1. "Resenters". Yes, I like that. Boy, they're noisy. Anyway, I am glad to hear from you and to know that you are at least arun. I hope no one is ill.

    2. Ahhh... here is the info for which I was searching... SW, I am pleased to see that you are still commenting and still busy. I look forward to your return to Oh!Pinion.

  2. Agree with you about FB Leslie, if you cut out the crap there is gold out there, some of it extremely funny. Humor is great way to make a point. There's some great writers out there, certainly made me think 'I'm a reader, not a writer'.

    1. So much depends on who you accept as friends, how you configure your pages, and knowing who/what to avoid. I don't dig having 4000 "friends" - I want folks I can connect with and not be merely a follower of (this doesn't apply to news sources or people, of course). If someone puts up a lot of nonsense, such as bible quotes or sappy sayings, I either hide or block them altogether. I set up a private page for my family who, for the most part, have actually hidden me! LOL.

  3. FB is a mixed bag for me. It gives me a way to stay in touch with my musician friends and to know where the next jam is but at the same time it's a platform for too much regressive politics and banal so-in-so loves or is at such-in-such bar or restaurant. The jury's still out for me.

    1. Mr. C - I understand that. See my response to Hole Ender. Funny, but most of my old friends don't have much time for FB and are rarely on it. Hmmmm. Wonder what that says about my life!

    2. FB is not so bad. Yes, I limit my friends.....but it is a great avenue to keep up witht he kids....and their friends. And my family. and Leslie, you are absolutely good FB folks keep feeding me with music, art, most things in life, it is only a bad tool if you use it badly.

    3. Exactly. I have a whole page dedicated to news, so I can quickly access Maddow, Bashir, CBS, etc. My family? Well, I think most of them have "hidden" me. Politics of my kind ain't their thing. ; )

  4. Leslie, I actually had some good times spring from contacts I made on FB before I was drummed out of the choir by the Troll Brigade. One fellow I met had attended my own high school several years before my graduation, but invited me to spend a day or two at his farm alongside the Tennessee River where the sand hill cranes stop in their annual migration. I took him up on his offer, got a key and permission to return anytime I wanted to use the place.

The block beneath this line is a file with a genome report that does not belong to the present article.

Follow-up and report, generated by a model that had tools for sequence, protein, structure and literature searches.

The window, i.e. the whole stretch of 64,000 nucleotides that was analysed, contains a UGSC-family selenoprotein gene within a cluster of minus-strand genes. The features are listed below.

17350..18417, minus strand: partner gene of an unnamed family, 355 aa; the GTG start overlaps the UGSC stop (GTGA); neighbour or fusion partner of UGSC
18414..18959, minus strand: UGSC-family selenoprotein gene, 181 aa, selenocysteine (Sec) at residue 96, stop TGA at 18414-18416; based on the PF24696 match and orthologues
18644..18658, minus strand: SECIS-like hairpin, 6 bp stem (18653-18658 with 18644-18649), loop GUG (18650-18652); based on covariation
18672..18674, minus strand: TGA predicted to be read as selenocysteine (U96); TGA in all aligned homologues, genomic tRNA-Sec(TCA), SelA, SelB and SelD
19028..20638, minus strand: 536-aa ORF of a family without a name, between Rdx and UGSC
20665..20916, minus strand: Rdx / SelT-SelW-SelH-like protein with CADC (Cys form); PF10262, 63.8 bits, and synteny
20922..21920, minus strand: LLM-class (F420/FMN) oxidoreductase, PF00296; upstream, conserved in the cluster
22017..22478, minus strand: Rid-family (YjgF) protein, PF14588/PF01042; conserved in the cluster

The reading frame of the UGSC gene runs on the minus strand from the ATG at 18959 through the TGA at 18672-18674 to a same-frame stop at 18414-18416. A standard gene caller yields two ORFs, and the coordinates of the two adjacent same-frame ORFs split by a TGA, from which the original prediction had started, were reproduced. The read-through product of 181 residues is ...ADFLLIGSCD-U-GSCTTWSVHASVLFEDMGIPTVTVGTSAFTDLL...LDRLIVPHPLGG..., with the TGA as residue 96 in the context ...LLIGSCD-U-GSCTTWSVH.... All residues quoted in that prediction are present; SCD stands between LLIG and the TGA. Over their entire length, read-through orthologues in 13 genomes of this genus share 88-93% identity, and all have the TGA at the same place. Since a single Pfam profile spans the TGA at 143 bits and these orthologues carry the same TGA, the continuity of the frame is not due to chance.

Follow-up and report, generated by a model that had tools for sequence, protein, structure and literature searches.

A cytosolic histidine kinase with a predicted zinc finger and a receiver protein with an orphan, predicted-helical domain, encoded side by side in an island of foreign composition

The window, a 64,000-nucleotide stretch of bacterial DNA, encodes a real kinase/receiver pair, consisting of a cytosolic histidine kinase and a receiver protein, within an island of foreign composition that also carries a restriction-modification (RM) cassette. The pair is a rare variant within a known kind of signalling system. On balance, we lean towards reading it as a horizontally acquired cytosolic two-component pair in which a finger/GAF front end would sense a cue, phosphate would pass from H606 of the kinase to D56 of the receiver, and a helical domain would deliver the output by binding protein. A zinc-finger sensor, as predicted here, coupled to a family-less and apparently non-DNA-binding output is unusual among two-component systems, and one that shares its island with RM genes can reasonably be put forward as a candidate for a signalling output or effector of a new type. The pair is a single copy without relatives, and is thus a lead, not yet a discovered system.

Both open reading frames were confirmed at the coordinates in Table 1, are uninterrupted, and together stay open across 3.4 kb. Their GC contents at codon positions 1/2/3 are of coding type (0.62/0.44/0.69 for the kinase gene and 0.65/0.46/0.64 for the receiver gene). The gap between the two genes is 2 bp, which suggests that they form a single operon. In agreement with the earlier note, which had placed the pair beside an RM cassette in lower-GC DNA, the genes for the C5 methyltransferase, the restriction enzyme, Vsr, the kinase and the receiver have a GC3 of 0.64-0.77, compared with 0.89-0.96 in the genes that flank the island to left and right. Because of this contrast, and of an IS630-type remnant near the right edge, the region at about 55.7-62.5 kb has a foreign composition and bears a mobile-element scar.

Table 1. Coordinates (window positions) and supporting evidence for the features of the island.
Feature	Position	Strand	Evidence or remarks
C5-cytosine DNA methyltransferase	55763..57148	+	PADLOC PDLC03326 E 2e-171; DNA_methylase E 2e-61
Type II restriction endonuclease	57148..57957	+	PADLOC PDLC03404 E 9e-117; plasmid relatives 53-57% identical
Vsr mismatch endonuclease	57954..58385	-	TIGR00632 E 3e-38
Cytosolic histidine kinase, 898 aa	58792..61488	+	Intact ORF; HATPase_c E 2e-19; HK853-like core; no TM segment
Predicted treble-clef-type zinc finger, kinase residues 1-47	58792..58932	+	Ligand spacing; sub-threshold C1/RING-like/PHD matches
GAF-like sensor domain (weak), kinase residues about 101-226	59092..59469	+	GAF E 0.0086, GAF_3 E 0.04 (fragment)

My photography page had a couple hundred followers, and drummed up business for my website, too. I had a separate page for my "Little Man" illustrations, snarky commentary over my website logo. All of it was win/win, as far as I was concerned... Until...
    It seemed like there were twenty Bible Thumpers for every sane person I encountered. No discussion of any subject was free from being hijacked by these people once they discovered my political leanings. They became highly offended at the slightest thing, insisted upon commenting relentlessly with recitations from Bible scripture, and the final straw came when one of them (bless her heart) insisted that our nation's constitution was actually written by Jesus for our Founding Fathers to use. It's the actual word of god, on parchment.
    I pulled the plug that very day.

    As much as I enjoyed reconnecting with some of my long lost friends, it couldn't balance out for the grief and headaches of dealing with people who won't be satisfied until we have a Christian theology not unlike the Taliban running America.

    You can only be called a heretic so many times before you begin to believe it might be true...

  5. I'm very selective about who I befriend - preferably someone who is a friend of a friend and who obviously has the "right" credentials on their page. If someone turns out to be an ass, I simply block them asap. I don't have time for that crap and have no interest in listening to a bunch of ignorant morons, Bible Thumpers or otherwise. You're in the pilot's seat.

    Without FB, I might not have found this fabulous page the other day - the Metro Nashville Archives.

  6. I have to admit, I developed a bit of an addiction to FB after I first got signed up, finding myself checking in on my page every couple of minutes. And for a while, it was indeed fun (or at least mildly amusing).
    Had I distanced myself from the political discussions, I probably would have remained on FB even though I recognized how much of a time-suck it had become. It was one of those situations where I had "the right to remain silent" but not the ability. And once the mob wiwth the pitchforks and torches found my nest, it was "game on" every time I turned on the computer.